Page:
GOLF—HOMERO BLANCAS of the University of Houston shot a 3-over-par 291 for 72 holes to win the individual medal title at the All-America Intercollegiate championships in Houston. University of Houston took four out of the five team titles.

HARNESS RACING—SU MAC LAD ($5.20) led from start to finish to win the $25,000 Inaugural Trot at Yonkers by 1¼ lengths over Silver Song. With Harold Dancer Sr. in the sulky, the gelding covered the mile in 2:03[4/5].

HOCKEY—DETROIT, with Goalie Terry Sawchuk tending the nets and Winger Gordie Howe leading the attack, finished off Toronto four games to one to win their half of the Stanley Cup semifinals. The Red Wings clinched the series with a 3-2 win on Toronto's home ice. Montreal tied up their semifinals with Chicago by beating the Rlack Hawks 5-2, but Chicago snatched the lead back with a 3-0 shutout over the Canadiens in Montreal.

HORSE RACING—CARRY BACK ($5.20) staged a hard stretch run to beat Fred W. Hooper's Crozier by a head in the $115,100 Florida Derby at Gulfstream (see page 24). Calumet Farm's Beau Prince was third. With John Sellers up, Carry Back, owned and trained by Jack Price, ran the mile and a furlong in 1:48[4/5] over a sloppy track. MAIL ORDER ($11) staved off a late drive by Calumet Farm's Pied d'Or to win the $28,700 Westchester Stakes at Aqueduct by a nose. Under Larry Adams, the Alamode Farm's Mail Order ran the mile in 1:34.

Ingo broke in front, kept close to the pace, then pulled away before the last jump to win the Carolina Cup Steeplechase by six lengths at Camden, S.C. The 6-year-old gelding covered the three-mile, 18-jump race in 5:52.

ROWING—CAMBRIDGE upset Oxford by 4¼ boat lengths in their traditional Thames River race. Two former Harvard rowing captains, Mark Hoffman and Mike Christian, were members of the Cambridge crew. Cambridge rowed the 4¼ miles in 19:22. It was their 59th victory (to Oxford's 47) in race first rowed in 1829.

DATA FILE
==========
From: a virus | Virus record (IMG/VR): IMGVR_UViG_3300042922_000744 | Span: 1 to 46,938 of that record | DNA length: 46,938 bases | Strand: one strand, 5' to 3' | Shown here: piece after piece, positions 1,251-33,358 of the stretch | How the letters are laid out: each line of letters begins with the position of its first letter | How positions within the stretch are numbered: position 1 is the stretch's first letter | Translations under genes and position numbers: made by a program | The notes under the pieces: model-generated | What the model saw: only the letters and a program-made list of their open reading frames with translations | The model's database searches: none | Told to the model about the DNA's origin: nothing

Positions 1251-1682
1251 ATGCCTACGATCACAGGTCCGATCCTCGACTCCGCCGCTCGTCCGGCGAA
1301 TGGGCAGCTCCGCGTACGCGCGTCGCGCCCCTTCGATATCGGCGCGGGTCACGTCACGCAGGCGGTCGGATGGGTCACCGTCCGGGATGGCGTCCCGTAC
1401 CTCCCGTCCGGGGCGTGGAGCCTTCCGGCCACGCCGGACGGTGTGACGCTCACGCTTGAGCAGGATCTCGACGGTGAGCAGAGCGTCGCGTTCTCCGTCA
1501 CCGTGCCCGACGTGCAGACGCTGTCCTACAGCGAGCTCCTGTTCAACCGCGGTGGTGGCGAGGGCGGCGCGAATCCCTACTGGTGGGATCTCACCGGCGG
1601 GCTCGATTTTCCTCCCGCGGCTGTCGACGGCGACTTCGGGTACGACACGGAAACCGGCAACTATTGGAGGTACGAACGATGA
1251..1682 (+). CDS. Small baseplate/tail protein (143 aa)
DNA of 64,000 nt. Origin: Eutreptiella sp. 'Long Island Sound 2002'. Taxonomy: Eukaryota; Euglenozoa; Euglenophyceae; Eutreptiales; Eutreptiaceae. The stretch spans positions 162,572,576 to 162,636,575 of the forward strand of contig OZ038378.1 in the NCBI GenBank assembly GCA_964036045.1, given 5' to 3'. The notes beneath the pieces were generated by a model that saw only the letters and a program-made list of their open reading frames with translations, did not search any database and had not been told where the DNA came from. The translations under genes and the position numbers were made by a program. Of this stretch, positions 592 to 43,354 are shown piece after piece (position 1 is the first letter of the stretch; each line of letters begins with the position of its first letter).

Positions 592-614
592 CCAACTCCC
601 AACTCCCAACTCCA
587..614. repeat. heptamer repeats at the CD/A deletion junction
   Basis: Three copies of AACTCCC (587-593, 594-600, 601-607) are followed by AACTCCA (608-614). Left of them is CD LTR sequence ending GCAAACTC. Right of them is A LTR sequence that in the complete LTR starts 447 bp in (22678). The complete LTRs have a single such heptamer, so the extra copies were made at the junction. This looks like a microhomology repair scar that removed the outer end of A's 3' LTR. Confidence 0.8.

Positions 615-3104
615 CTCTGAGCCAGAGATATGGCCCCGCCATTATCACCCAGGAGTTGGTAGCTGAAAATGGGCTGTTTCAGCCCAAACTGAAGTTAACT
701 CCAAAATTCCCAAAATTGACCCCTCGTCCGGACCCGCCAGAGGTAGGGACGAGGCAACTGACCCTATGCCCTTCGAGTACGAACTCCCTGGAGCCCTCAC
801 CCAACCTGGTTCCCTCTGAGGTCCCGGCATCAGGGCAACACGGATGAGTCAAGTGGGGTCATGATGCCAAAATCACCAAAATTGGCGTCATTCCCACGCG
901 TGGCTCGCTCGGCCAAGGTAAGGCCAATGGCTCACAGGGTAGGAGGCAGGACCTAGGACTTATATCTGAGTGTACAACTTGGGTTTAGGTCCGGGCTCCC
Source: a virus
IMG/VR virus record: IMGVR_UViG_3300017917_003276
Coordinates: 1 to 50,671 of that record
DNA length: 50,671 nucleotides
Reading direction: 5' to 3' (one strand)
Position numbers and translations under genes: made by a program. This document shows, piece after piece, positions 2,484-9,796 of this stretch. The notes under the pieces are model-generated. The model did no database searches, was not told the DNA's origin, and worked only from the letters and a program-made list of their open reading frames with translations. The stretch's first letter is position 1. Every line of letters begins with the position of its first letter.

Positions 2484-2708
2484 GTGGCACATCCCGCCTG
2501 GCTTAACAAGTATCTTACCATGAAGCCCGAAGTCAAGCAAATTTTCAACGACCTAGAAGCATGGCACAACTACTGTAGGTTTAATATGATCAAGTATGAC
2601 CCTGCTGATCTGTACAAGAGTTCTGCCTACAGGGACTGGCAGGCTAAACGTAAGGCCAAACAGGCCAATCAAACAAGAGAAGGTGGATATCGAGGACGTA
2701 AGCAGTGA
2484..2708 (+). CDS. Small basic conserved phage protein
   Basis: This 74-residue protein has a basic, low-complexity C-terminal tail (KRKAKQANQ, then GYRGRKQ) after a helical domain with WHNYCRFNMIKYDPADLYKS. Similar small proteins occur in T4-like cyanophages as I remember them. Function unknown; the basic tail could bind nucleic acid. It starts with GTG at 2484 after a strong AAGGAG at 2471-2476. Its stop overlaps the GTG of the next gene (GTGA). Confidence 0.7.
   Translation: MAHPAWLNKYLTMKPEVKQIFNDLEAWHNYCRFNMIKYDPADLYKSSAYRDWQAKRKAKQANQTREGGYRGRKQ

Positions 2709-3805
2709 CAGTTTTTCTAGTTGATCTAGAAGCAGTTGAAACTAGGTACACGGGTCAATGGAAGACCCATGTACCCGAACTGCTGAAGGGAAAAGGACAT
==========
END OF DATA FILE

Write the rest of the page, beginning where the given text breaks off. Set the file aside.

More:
SWIMMING—Led by 18-year-old Los Altos (Calif.) High School senior STEVE CLARK, swimmers at the AAU championships in New Haven broke 12 American short-course records (see page 30). Clark set two outstanding records: the 100- and 220-yard freestyle in 46.8 and 2:00. Charles Bittick of Southern Cal had three more, the 100- and 220-yard backstroke in 53:4 and 2:09.7, and the 400-yard individual medley in 4:23.7. Chet Jastremski of Bloomington, Ind. broke two, the 100- and 220-yard breaststroke in 59.6 and 2:26.7. Frank Legacki of Ann Arbor, Mich., swam to a 100-yard butterfly record of 51.9, while Mike Troy of Bloomington, Ind. won the 220-yard butterfly with a new mark of 2:10.9. Red Stickle of Bloomington, Ind. set a 200-yard individual medley record of 2:02.1. The New Haven SC team of Michael Austin, James Loofbourrow, David Tyler and Gary Ball broke the 400-yard freestyle relay record with 3:15.9. The North Carolina AC team of Thompson Mann, Peter Fogarsy, Ed Spencer and Harry Bloom set a 400-yard medley relay mark of 3:39.9. Southern Cal won the team championship with 74 points, to New Haven SC's 44½ and New Trier SC's 21.

TENNIS—ROY EMERSON of Australia beat Wolfgang Stuck of West Berlin 5-7, 6-4, 6-3, 3-6, 6-3 to win the Good Neighbor championship at Miami Beach. ANN HAYDON of England beat Susan Kormocsy of Hungary 6-0, 6-2 for the women's title.

TRACK AND FIELD—DENNIS JOHNSON, successor to Ray Norton at San Jose State College, equaled the 9.3 world record for the 100-yard dash in Stanford, Calif. It was Johnson's second 9.3 clocking in two weeks.

MILEPOSTS—MARRIED: DALLAS LONG, 20, shotputter, to Barbara Littlejohn, in Los Angeles. Both are students at the University of Southern California.

DIED: POWEL CROSLEY JR., 74, inventor, manufacturer, and owner of the Cincinnati Reds baseball team, in Cincinnati. Crosley acquired controlling interest in the Reds in 1936, saw them win National League pennants in 1939 and 1940. Ownership of the team will pass to a charitable foundation. Crosley's will stated his desire that the club remain in Cincinnati.

DIED: ELMER H. BAUMGARTEN, 79, American Bowling Congress secretary during its turbulent years from 1933 to 1951, in Tucson, Ariz. "Baum" rolled in every ABC tournament from 1908 until this year, saw ABC membership rise from 32,000 to 320,000 during his years of leadership.